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Like father, like son: Burchfields carry on the belly dancing tradition

Matthew Lane • Aug 11, 2017 at 8:44 AM

ELIZABETHTON — For more than 40 years Ray Burchfield has danced down the streets of the Tri-Cities. If you've ever attended a local parade, then you've probably seen him.

He's the shirtless guy dressed like Sinbad, wielding a scimitar and dancing to exotic, Middle Eastern music. It's not something just anyone would do. But for Ray, he loves every minute of it. And now he has something else to be proud of.

His son Kyler is literally following in his footsteps.

Ray, who will soon turn 71, has been a member of the Shriners since 1974 and for more than 40 years has served as the belly dancer leading the Shriners' parade units. About two years ago, 23-year-old Kyler picked up his father's mantle.

“When I first realized what he was doing, I thought he was crazy and I didn't understand it,” Kyler said of his father's performances in parades. “Until you see what it's about and how we help the kids, how can you go wrong getting out there? It's so much fun and you can't go wrong with it.”

Founded in 1872, Shriners International is a fraternity based on fun, fellowship and the Masonic principles of brotherly love, relief and truth, according to the organization's website. The Shriners have nearly 200 temples (chapters) around the world and more than 350,000 members.

“We're out there to bring notice to the Shriners and to help get money for our kids,” Ray said. “We want to bring light to our cause.”

The cause the Burchfield men speak passionately about is the Shriners Hospital for Children — a health system with 22 locations specializing in orthopaedic conditions, burns, spinal cord injuries and cleft lip. When the Burchfields hit the parade route with their fellow Shriners, it's done to promote the organization and raise awareness of the hospital's mission.

Jericho Shrine — our region's local temple — has a 14-member band that participates in local parades. The collective sounds of bagpipes, tambourines, cymbals, drums and the iconic musette horn can often be heard long before Ray and Kyler are spotted dancing to the music.

“We used to parade on the street, but some of our members are quite old. They can't march those distances, so we put them on the float,” Ray said. The band has struggled to maintain its numbers in recent years and because of this, Ray now plays the musette horn and leaves the dancing to his son.

“If we could get enough band members to have enough music, I'd get back out there,” Ray said. “It's hard for me to sit on that float and not want to jump up and get out there.”

Ray retired from a local textile company, then got into running a sports shop in Elizabethton for 11 years before retiring again, officially. Kyler works in maintenance at State of Franklin Healthcare.

After decades of performing, Ray is recognized fairly often, maybe not always by name, but by reputation. Even Shriners in other parts of the country know of his moves. Kyler, though not as famous as his dad, is seeing his fan base grow.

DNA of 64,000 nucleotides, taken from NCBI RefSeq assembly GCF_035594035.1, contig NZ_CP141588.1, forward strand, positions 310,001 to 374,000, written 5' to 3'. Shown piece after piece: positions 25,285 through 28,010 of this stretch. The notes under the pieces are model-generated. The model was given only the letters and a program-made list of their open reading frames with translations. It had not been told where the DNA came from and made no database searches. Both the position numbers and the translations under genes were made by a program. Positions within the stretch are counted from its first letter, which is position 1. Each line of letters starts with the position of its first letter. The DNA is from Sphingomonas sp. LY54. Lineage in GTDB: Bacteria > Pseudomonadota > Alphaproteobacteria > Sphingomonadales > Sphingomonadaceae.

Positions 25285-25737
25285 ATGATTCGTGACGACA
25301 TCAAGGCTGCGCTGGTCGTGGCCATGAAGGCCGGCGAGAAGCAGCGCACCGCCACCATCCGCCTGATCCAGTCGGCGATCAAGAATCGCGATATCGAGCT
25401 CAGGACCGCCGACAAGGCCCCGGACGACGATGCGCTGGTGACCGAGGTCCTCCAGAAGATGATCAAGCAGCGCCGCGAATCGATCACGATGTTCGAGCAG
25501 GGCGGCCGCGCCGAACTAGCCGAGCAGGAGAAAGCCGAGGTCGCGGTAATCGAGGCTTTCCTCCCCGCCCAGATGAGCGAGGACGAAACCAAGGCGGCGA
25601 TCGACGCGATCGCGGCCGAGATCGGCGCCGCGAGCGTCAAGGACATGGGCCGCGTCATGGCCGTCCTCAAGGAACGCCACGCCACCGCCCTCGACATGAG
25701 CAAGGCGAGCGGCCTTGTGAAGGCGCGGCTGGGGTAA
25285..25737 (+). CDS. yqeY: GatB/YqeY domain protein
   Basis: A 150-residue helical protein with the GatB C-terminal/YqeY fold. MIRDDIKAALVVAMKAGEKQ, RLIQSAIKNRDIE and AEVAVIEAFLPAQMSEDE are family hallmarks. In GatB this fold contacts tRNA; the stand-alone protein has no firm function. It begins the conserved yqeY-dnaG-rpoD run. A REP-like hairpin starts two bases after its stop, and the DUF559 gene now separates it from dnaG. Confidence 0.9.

“When I first started working, nobody knew me. I'd just go around and do my work. Then some of the women found out I'd done that, and they'd go crazy. I really enjoyed that,” Kyler said.

The Jericho parade unit has performed at parades throughout the Tri-Cities for decades, and most likely has been seen by folks at Christmas and Independence Day. But the parade unit also appears at other events like Fun Fest and Jonesborough Days. The band has performed at numerous competitions, won a number of awards and has appeared in the Superdome and in Washington D.C.

Members practice their musical trade twice a month on Sundays for about an hour, and musical knowledge is actually not a requirement to be in the band. Just as long as you can count and keep a beat, Ray and Kyler will lead you down the street.

“Everything we do is based on the music,” Ray said.

“We couldn't do what we do without our band members,” Kyler added. “We couldn't put on a show if we didn't have any music.”

The first time Kyler went out on the street as a belly dancer, he said he was shaking like a cat. Now, he's much more comfortable with his performances, they come more natural to him. For the first year, the Burchfields were out on the street together. The past year, Kyler has been flying solo.

“When I got out there I'm thinking, 'Oh Lord, what do I do?’ “ Kyler said. “Then I remember my dad telling me to feel the beat of the music, just go out there, have fun and entertain the people.”

And entertaining the people is something Ray hopes to continue for the foreseeable future. The Jericho Shrine is hoping to go to the South Atlantic Shrine Assocation's annual meeting in Myrtle Beach next month to perform. The SASA has 20 member temples from seven Southeast states, and hundreds of Shriners are expected to attend.

“It's a great joy and I hope to carry on this tradition for years to come,” Kyler said.

“It's been one of the most rewarding things in my lifetime,” Ray said. “And my son wanting to follow in my footsteps ... that's fantastic.”

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